Besides Sisyphus, you can spot Atlas in the upper right corner who was condemned to hold the sky. Yet in the cover art one can see, with an all-knowing seer in the facade, which the sky and horizon is peeling off, all while Atlas is holding the peeled image while he is sinking. This was used as a lyric, also that is how Oscar felt about the demise of his father’s image as a Giant and his health sinking him to the ground.
Oscar explains, “I hesitate to explain the ‘plot’ too much, but I think you could say that a pretty epic story is told here. Between the lyrics and Paul’s artwork and of course what the music conveys, I think a pretty complete picture is painted.”
This time around Billy Sherwood sat in the produce chair, and helped the band write and arrange the songs and lyrics. He even wrote a song for the album titled “The Common Thread.” Sepand recalls, “I love how Billy captured us. Some of our final takes Billy captured, were us rehearsing parts while the tracks were armed or at most when playing a first or second take. It is pure, instinctual and unabashed playing with minimal post production effects. It’s raw. I think we have our bearing and confidence now to stand on our legs.” Oscar adds, “I would say Billy was a lot more involved with the writing of this album, in general. He really brought a different type of energy to DBS, a more rock and roll energy.”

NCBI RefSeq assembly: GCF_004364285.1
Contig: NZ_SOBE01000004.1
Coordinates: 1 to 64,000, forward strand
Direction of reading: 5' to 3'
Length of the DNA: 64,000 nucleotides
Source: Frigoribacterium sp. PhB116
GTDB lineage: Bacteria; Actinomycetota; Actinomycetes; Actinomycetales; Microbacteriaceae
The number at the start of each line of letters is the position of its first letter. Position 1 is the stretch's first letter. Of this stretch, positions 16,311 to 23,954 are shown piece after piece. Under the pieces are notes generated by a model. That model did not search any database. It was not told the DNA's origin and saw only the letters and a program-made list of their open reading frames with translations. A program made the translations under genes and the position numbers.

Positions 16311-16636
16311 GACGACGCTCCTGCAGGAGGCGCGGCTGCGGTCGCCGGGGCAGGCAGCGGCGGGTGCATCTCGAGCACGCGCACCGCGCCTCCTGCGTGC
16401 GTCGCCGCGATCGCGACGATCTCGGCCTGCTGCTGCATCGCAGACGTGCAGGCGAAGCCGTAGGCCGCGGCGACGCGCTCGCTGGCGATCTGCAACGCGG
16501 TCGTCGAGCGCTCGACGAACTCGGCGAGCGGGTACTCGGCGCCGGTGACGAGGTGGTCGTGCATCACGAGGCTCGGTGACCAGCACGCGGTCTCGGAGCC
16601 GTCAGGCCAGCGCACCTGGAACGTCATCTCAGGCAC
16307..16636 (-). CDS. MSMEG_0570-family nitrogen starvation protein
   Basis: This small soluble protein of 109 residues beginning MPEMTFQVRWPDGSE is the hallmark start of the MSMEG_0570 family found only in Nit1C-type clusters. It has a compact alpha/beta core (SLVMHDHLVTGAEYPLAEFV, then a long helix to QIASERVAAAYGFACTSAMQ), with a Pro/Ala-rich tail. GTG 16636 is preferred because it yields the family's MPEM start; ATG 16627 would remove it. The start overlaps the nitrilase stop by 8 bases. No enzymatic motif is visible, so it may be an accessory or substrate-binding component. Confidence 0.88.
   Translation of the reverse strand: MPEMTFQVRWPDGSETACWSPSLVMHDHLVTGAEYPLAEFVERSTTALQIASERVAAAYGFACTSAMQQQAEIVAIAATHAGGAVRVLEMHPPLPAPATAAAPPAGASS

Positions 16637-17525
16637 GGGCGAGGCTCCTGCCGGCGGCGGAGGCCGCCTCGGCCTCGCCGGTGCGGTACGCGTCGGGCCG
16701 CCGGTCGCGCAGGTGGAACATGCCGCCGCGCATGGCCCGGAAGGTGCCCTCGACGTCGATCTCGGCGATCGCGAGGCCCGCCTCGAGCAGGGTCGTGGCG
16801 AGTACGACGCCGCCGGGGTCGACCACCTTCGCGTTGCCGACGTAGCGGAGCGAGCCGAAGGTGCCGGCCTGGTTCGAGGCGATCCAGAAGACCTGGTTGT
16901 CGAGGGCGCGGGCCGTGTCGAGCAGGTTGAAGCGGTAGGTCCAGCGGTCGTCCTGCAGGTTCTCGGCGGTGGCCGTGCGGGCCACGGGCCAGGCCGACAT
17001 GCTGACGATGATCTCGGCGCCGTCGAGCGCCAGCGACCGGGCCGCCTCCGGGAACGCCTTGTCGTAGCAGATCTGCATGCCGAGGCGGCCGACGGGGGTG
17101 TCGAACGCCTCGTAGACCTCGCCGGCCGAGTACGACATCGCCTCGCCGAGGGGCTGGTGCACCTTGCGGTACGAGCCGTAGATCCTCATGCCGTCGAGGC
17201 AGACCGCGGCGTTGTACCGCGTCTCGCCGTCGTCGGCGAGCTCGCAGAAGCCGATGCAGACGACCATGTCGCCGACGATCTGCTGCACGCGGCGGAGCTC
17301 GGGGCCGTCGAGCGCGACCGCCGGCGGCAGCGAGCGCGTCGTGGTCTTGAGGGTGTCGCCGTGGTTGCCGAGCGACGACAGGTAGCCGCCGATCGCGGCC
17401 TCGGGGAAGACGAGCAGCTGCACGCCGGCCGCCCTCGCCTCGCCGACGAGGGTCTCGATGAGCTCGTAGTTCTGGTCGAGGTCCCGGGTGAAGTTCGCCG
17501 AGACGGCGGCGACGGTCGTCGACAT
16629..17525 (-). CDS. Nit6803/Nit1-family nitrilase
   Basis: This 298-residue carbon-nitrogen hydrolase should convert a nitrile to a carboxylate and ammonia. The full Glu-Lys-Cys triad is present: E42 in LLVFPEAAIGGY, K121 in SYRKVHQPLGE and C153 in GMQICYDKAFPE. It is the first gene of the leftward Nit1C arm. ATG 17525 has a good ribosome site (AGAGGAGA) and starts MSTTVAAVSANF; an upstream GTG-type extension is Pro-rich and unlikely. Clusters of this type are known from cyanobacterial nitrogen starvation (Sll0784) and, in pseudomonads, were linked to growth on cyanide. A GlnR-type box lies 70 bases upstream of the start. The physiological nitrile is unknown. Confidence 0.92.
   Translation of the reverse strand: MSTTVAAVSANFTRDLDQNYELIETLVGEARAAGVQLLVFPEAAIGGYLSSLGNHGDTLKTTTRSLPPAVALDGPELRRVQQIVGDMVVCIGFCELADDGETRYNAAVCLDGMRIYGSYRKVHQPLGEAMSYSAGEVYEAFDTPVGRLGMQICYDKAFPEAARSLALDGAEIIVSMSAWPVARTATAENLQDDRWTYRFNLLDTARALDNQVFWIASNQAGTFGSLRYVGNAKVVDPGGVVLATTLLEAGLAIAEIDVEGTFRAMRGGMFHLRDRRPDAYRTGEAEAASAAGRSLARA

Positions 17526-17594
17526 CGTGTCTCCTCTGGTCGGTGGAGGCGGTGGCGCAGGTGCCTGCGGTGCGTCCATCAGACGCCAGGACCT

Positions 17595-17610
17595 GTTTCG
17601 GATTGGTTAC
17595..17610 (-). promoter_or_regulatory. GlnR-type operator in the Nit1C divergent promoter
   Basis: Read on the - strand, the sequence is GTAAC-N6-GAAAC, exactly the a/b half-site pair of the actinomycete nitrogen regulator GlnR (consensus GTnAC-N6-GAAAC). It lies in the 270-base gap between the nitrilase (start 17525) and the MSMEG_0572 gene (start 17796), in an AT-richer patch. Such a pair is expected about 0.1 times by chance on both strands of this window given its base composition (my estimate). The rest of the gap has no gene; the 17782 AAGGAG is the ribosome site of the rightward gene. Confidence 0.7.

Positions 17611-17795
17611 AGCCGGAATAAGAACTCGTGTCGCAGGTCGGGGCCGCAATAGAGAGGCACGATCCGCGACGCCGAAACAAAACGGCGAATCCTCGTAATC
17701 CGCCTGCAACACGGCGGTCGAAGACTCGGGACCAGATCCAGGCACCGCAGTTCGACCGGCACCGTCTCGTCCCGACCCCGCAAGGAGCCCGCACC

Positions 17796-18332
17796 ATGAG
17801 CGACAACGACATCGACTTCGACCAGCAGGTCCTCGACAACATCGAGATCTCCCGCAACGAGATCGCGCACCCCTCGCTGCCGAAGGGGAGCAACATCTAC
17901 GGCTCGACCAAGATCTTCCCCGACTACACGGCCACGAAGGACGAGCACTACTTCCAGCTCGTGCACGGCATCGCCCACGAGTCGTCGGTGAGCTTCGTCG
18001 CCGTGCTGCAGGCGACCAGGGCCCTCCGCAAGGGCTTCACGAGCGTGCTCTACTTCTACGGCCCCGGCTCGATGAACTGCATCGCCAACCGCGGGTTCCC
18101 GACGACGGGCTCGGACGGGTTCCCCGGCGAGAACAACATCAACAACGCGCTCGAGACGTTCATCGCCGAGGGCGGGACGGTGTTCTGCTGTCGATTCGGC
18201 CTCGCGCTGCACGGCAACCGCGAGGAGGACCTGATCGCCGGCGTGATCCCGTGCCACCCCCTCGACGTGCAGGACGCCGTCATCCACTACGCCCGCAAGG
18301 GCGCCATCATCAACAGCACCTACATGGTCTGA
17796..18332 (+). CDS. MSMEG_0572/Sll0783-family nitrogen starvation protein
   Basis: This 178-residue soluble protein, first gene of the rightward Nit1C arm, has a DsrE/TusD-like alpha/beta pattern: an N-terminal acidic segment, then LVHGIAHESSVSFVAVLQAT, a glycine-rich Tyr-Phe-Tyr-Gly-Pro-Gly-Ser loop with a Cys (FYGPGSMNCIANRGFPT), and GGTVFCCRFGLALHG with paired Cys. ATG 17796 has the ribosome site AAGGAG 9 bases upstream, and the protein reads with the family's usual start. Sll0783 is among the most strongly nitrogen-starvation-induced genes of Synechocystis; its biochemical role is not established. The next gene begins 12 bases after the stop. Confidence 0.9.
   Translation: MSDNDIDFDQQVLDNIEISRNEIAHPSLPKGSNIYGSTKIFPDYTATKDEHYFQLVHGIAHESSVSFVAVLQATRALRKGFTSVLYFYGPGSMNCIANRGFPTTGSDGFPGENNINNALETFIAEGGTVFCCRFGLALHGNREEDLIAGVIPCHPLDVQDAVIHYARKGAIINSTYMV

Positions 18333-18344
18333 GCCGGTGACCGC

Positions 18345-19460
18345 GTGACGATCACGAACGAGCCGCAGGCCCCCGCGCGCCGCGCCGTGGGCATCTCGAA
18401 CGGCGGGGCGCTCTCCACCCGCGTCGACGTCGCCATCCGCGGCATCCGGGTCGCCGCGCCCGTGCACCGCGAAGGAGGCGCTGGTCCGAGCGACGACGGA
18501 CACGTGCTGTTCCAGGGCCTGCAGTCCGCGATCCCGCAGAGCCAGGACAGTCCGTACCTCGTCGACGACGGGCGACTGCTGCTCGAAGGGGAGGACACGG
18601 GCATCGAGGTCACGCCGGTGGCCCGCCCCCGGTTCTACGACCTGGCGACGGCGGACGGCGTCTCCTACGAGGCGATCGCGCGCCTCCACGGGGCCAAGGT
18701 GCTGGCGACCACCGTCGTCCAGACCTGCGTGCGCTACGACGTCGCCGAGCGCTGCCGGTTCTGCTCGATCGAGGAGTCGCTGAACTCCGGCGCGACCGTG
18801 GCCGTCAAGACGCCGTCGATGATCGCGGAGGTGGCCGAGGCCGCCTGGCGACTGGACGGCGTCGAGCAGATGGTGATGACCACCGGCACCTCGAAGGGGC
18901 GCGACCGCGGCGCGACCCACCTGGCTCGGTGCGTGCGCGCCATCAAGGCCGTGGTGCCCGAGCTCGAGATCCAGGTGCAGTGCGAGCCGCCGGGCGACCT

Sepand continues, “With ‘In Extremis’ we had the honor of playing with some of our icons, this time we kept it local with one exception. So Billy, whom we consider the third station, re-joined us. He recorded drums, vocals and bass. Durga McBroom who recorded her vocals on ‘Witness the End of the World,’ and of course – our cousin across the pond – Colin Moulding can be heard on ‘Goes by Gravity.’”
Says Colin Moulding, “I was contacted by Billy Sherwood to sing on this track ‘Goes by Gravity.’ And because I was given a free reign, I re-wrote the lyrics somewhat to make the track more pointed…I think it turned out good in the end.” Durga adds, “Working on this project has been amazing. From Lebanon to the San Fernando Valley, we mixed our essences together. DBS’s magical music, Billy’s meticulous production, and my humble vocal offerings make a heady combo. I had a blast!”
In closing Sepand has this to impart, “Currently, we just finished scoring for a short film. We are working on composing a score for another documentary with director Alexandre Dorriz which focuses on the work of French photographer Jean Paul Bourdier. Also, I am very excited to begin work on the fourth album, as well as perhaps some solo work.”
- Spark (16:53)
- Witness the End of the World (featuring Durga McBroom) (3:57)
- Another Day (9:38)
- Goes by Gravity (featuring Colin Moulding) (4:51)
- Giants (12:58)
- The Gathering (4:07)
- The Common Thread (7:46)
Days Between Stations
Oscar Fuentes-Bills: keyboards
Sepand Samzadeh: guitars
Billy Sherwood: lead & backing vocals, bass, drums
Durga McBroom: lead vocals “Witness the End of the World”
Colin Moulding: lead vocals “Goes by Gravity”
Inid Abiza: backing vocals “Spark”
Produced by Days Between Stations and Billy Sherwood
Cover painting by Paul Whitehead
Album package by Erik Nielsen
Band photos by Alex Dorriz & Erik Nielsen
Music & Lyrics written by Oscar Fuentes-Bills, Sepand Samzadeh, & Billy Sherwood, except “Goes by Gravity”, lyrics written by Oscar Fuentes-Bills, Sepand Samzadeh, Billy Sherwood, and Colin Moulding.